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T-Mobile Proposes Sliding Screen for Incentive Auctions - Broadcasting & Cable

T-Mobile Proposes Sliding Screen for Incentive Auctions

Tells FCC it would promote competition and applying it in upcoming auction would help test it for more generally applicability
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T-Mobile has a plan for part of the broadcast incentive
auctions -- the one where, presumably, wireless companies primarily bid for
reclaimed spectrum -- and it involved a sliding spectrum screen depending on
how the bidding goes.

The FCC has asked for input in a separate proceeding on
whether it should adjust the screen it uses to gauge whether concentration of
spectrum in individual markets triggers additional scrutiny for anticompetitive
effects.

But T-Mobile is recommending that its auction rules include
a built-in sliding screen, which it pitches as a way to provide a real-world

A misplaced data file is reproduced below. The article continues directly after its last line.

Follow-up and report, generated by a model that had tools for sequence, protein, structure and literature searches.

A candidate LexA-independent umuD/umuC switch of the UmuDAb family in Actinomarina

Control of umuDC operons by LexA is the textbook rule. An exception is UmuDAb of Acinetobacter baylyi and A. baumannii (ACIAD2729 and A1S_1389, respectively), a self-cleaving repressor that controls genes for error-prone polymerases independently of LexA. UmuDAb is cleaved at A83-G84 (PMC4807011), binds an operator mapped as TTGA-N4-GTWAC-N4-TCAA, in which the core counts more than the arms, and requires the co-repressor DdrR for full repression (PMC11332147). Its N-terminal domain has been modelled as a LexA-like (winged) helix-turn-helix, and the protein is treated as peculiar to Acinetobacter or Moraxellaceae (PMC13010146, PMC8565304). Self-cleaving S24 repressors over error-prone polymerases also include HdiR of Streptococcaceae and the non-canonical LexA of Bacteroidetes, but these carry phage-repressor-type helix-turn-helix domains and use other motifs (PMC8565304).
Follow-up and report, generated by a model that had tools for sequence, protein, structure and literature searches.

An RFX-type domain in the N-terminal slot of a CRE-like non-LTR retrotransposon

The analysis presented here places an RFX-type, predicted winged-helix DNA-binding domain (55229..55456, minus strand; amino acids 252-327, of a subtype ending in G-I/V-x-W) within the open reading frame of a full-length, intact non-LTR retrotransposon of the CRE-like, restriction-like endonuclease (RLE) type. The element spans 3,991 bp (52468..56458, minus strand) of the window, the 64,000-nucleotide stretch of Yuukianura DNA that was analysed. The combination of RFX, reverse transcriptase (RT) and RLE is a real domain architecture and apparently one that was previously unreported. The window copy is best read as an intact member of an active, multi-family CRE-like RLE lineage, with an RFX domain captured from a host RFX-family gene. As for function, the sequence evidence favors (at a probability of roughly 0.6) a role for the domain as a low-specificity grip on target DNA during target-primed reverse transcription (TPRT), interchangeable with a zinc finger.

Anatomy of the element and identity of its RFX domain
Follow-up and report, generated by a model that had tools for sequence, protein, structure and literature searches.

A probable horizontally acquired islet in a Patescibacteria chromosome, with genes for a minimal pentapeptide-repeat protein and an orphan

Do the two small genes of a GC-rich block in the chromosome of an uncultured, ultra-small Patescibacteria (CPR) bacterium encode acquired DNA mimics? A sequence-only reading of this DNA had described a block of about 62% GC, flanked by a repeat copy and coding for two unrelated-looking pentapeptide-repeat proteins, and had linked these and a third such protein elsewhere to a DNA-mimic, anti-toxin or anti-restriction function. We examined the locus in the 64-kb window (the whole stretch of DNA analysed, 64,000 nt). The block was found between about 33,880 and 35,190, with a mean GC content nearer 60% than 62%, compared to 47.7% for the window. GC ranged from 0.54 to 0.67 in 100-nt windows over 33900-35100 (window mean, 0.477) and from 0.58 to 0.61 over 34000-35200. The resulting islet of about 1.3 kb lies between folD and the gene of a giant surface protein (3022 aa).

test of such a screen applied to auctions in general. "By relying on
actual bids rather than predictions of bidder behavior, the Dynamic Market Rule
helps remove any risk that revenue targets for clearing broadcasters and
funding the FirstNet public safety network will not be met," the company
says.

According to the company, which outlined the proposal Monday,
in meetings last week with FCC staffers, T-Mobile proposed a "Dynamic
Market Rule," which it billed as a "seamless" way to ensure
against "excessive concentration" of low-band spectrum.

Under the rule, bidding would begin with "spectrum
aggregation" limits, with a carve-out that would allow AT&T and
Verizon, the two largest carriers, to bid on a block of 5 MHz in markets where
they exceed the screen -- which would be one-third of the low-band spectrum in
a market. If the FCC meets its revenue target, that auction could close. But if
not, the screen would be gradually relaxed, and ultimately lifted altogether.

"Imposing modest constraints on excessive
low-band spectrum aggregation will promote competition, increase consumer
choice, encourage innovation, and accelerate broadband deployment," the
company said. It would also allow less-concentrated players, like T-Mobile -- a
better chance to get spectrum in those markets.

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